I recently read 2 interviews with famous “artists”: the rapper and producer Jay-Z, interviewed in the Sunday December 3, 2017 New York Times Style Magazine, and the actor and “maker” Daniel Day-Lewis, interviewed in the Holiday 2017 edition of W Magazine. Both of these men are unique, strong, famous, and at the top of their craft.

In design and in entertainment, trends can take hold and dominate, becoming mainstream. Jay-Z became a rapper, and then was instrumental in taking rap/hip hop music into the mainstream. When asked whether he would prefer to be a trend or to be forever, Jay-Z said, “I’m the person that looked at the Mona Lisa and be like, Man, that’s gonna be cool in 40 years. I play forever. And so my whole thing is to identify with the truth. Not to be the youngest, hottest, new, trendy thing.”

On film, there have always been actors (think Ed Harris, Meryl Streep, and Ed Norton among others in our era) who inhabit a character so thoroughly that we forget who they really are despite their fame. We believe that they are the character they play.

In design, the famous designers seem to repeat themselves. They create a style with which we identify them. Some, like Frank Gehry, have taken an idea about making buildings more sculptural and made it mainstream. At this point, there are so many look-alikes, that I call them “tributes” to the masters.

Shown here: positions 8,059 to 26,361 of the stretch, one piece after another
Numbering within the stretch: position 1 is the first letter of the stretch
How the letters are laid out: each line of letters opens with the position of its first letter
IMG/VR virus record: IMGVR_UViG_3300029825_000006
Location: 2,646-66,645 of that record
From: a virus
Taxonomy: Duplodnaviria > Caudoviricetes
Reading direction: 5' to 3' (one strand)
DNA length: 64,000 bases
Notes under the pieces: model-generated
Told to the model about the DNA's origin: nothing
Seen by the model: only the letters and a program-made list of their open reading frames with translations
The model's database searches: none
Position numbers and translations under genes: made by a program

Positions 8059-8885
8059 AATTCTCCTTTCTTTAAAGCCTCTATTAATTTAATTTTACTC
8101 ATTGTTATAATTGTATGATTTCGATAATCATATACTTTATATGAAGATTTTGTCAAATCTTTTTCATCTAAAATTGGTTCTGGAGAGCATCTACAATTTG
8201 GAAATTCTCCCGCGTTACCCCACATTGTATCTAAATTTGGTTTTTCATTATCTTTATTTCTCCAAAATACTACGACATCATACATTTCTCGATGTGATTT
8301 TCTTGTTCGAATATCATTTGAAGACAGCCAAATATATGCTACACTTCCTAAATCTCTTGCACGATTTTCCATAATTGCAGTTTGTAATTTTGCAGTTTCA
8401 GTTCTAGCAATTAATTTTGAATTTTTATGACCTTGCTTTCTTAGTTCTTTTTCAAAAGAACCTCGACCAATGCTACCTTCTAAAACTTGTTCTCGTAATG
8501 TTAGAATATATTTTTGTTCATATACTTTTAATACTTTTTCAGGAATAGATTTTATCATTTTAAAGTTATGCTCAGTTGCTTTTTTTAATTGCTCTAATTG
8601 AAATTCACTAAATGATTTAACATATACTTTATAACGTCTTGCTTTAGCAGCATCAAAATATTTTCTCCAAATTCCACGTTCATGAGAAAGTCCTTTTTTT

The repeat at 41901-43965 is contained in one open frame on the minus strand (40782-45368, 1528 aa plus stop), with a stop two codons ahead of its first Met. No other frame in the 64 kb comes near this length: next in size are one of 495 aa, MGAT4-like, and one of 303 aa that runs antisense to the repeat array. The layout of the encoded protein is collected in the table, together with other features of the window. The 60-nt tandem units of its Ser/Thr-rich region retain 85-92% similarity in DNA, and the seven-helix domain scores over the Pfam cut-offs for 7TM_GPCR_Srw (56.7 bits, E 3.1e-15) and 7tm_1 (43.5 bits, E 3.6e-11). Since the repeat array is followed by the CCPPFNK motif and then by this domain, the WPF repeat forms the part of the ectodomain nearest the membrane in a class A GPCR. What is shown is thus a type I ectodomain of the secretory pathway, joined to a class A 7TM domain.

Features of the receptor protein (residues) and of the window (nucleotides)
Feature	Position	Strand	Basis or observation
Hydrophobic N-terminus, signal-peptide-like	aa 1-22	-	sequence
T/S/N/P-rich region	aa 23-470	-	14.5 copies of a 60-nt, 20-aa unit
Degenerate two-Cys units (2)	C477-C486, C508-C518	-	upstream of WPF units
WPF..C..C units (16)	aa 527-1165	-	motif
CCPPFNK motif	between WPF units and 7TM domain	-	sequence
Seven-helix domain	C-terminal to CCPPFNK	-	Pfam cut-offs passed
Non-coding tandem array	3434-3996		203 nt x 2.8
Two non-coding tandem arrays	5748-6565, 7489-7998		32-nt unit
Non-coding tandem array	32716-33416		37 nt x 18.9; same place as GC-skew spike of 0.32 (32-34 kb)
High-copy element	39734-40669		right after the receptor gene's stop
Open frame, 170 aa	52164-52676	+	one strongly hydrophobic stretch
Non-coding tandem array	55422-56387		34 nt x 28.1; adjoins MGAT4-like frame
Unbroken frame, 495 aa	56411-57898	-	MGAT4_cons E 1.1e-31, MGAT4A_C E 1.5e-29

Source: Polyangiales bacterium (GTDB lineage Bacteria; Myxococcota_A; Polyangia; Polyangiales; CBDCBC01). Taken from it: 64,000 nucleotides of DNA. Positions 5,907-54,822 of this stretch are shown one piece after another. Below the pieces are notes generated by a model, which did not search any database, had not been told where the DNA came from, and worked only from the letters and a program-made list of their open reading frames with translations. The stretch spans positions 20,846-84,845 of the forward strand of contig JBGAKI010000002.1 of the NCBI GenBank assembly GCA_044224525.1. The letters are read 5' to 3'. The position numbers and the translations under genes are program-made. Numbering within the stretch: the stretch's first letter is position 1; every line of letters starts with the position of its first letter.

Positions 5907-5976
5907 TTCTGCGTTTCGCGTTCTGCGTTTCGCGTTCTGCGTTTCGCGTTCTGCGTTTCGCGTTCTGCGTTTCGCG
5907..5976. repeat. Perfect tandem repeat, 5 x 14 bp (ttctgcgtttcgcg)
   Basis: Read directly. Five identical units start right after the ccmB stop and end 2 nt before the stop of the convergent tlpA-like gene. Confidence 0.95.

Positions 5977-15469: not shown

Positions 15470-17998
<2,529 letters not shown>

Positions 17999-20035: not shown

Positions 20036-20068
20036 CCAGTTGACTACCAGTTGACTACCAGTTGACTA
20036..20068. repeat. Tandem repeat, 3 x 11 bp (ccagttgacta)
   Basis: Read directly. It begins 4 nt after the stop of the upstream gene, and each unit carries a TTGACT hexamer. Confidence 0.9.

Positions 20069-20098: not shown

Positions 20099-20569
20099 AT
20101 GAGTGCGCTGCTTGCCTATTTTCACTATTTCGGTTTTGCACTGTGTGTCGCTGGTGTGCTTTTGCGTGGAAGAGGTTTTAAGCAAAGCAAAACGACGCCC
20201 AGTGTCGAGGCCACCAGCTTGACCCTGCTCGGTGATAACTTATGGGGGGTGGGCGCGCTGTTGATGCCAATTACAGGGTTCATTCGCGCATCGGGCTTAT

I’ve often thought of myself as a character actor. I inhabit the roles of our clients so that I am designing for them, not for me. All large projects are like movies, between the cast of thousands, finance people, and regulatory authorities (see blog post re team players).

Of course, we are influenced by trends, what is available by the economics of the project and current construction costs, by what is sustainable, by what’s allowed by regulations, and by what our clients’ peers are doing. Is creating a new style important? Perhaps keeping things simple and eclectic have a better chance of surviving over time than that amazing style that defies the laws of physics.

Daniel Day-Lewis says, “there is nothing more beautiful in all the arts than something that appears simple.” Simplicity is hard to achieve because we design for real life, and life is messy.

If you want to read the entire interviews with Jay-Z and Daniel Day-Lewis, click on their names.

If you want to use design to simplify/enhance your life, give us a call.

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